Breadcrumbs

Using home languages as a resource to enhance statistical thinking in a multicultural classroom

Sashi Sharma: Principal Investigator, Division of Education, The University of Waikato. Phil Doyle: Site Leader, De La Salle College Participating Teachers: De La Salle College

Project Dates: 1 March 2020 - 30 March 2022

Partnerships: Teaching & Learning Research Initiative (TLRI), and De La Salle College.

Partnerships: Funding agency and institutes/organisations involved in the project.

The TLRI supports partnerships between researchers and educators, by funding projects expected to improve outcomes for learners. This research project is a partnership between the University of Waikato and De La Salle College. The research project is funded by the New Zealand government and administered by the New Zealand Council for Educational.

Our study involves two cycles of the three design research phases: a preparation and design phase, a teaching phase, and a retrospective analysis phase. All participants are equal partners in the research process with no hierarchy existing between researcher and teachers  (and teachers are involved in the whole research process, posing questions, collecting data, drawing conclusions, writing reports, and disseminating findings. These conditions reflect the way this proposal has been developed and align with TLRI Principles.

Background

Recognising and appreciating the diverse language and cultural backgrounds of learners can promote the development of positive identities and thus, can engage learners in their learning process. Research indicates that students who have a high level of proficiency in their first language and who develop a similar level of proficiency in the classroom language tend to outperform monolingual students in mathematics. In contrast, students who do not develop a sufficient level of proficiency in any language tend to under-perform in mathematics. Additionally, mathematics education research has identified that a student’s first language(s) can serve as a resource for thinking and communication as students simultaneously learn and develop proficiency in the language of instruction and learn mathematics (claim that a language-as-resource approach can increase the learning opportunities of all learners by focusing on both mathematics and language. Currently, the idea of cultural deficit is used to explain students’ underachievement, with some cultures being positioned as particularly mathematics deficient. In NZ, a remedy for underachievement in mathematics is to try to transition English Second Language speakers to learning completely in English. In this scenario, active use of other languages is seen as a hindrance rather than a help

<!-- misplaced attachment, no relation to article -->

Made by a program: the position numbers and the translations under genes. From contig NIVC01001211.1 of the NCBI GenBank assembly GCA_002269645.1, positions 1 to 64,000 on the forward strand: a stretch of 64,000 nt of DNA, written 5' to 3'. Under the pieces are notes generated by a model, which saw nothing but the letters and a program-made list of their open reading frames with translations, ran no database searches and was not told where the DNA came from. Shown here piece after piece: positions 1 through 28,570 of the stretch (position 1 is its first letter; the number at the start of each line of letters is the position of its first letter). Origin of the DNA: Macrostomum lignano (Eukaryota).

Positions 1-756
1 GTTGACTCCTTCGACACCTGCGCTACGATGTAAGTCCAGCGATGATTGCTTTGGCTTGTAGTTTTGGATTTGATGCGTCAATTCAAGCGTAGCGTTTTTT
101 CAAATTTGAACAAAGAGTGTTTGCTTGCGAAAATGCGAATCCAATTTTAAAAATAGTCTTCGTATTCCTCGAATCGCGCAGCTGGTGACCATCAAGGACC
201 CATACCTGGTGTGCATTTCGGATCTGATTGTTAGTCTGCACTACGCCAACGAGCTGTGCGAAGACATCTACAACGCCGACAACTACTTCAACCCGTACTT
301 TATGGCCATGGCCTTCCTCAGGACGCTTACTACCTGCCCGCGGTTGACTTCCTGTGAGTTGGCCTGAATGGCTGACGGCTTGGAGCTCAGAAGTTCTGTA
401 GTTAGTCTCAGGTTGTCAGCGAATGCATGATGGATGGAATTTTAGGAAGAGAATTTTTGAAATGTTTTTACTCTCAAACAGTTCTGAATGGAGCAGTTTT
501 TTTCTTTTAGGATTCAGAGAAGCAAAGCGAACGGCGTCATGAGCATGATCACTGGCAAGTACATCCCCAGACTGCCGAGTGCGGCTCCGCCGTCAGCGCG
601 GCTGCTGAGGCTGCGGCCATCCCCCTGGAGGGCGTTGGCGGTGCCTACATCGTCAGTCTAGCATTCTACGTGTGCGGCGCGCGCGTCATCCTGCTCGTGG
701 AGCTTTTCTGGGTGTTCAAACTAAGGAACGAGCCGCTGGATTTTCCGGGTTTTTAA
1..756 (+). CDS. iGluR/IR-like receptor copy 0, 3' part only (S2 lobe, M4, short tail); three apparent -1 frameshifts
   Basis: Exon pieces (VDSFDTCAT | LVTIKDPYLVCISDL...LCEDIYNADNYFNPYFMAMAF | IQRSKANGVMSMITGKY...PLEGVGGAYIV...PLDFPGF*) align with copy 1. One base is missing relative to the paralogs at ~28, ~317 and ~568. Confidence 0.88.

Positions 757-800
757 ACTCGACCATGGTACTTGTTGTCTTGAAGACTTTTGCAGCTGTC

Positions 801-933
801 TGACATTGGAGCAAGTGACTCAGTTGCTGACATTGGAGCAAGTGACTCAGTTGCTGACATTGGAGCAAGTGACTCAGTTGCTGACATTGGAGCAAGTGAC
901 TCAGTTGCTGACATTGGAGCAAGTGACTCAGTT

This study adopts a language-as-resource approach, which is consistent with NZ understandings of culturally responsive pedagogy and the NZC principles of cultural diversity and inclusion. We will focus on translanguaging as a way of understanding language-as-resource.

What is the aims of the research?

Sashi is focusing specifically on the subject of statistical probability, and how students might use their ‘home language’ to understand learning material in this subject area.

Why is this research important?

Part of this project will involve working closely with teachers in understanding how translanguaging strategies can be used as a resource among multilingual students. From there, teachers will work on developing effective teaching tools, with the aim of improving learning outcomes for all learners.

Potential Research Impact?

The teaching strategies and cultural resources trialled in this study will help advance students’ understanding of statistical probability. We anticipate that the students’ ability to communicate and negotiate their thinking in group and whole-class settings using statistical language and home language will be enhanced, both verbally and in writing.

The teaching sequence and case developed within the study will provide empirically grounded examples that other teachers can adapt to their local circumstances. Findings on language-based strategies will have the potential to be used in other school subjects such as science and in other multicultural contexts.

Although NZ is multilingual, many classroom teachers are monolingual and/or do not have experience in or strategies for working with children whose home language is not English. Initial Teacher Education providers will be interested in this research. Understanding the challenges teachers face in the classroom when teaching statistics to learners with a range of language proficiencies will assist teacher education institutions to better equip teachers for a multicultural classroom.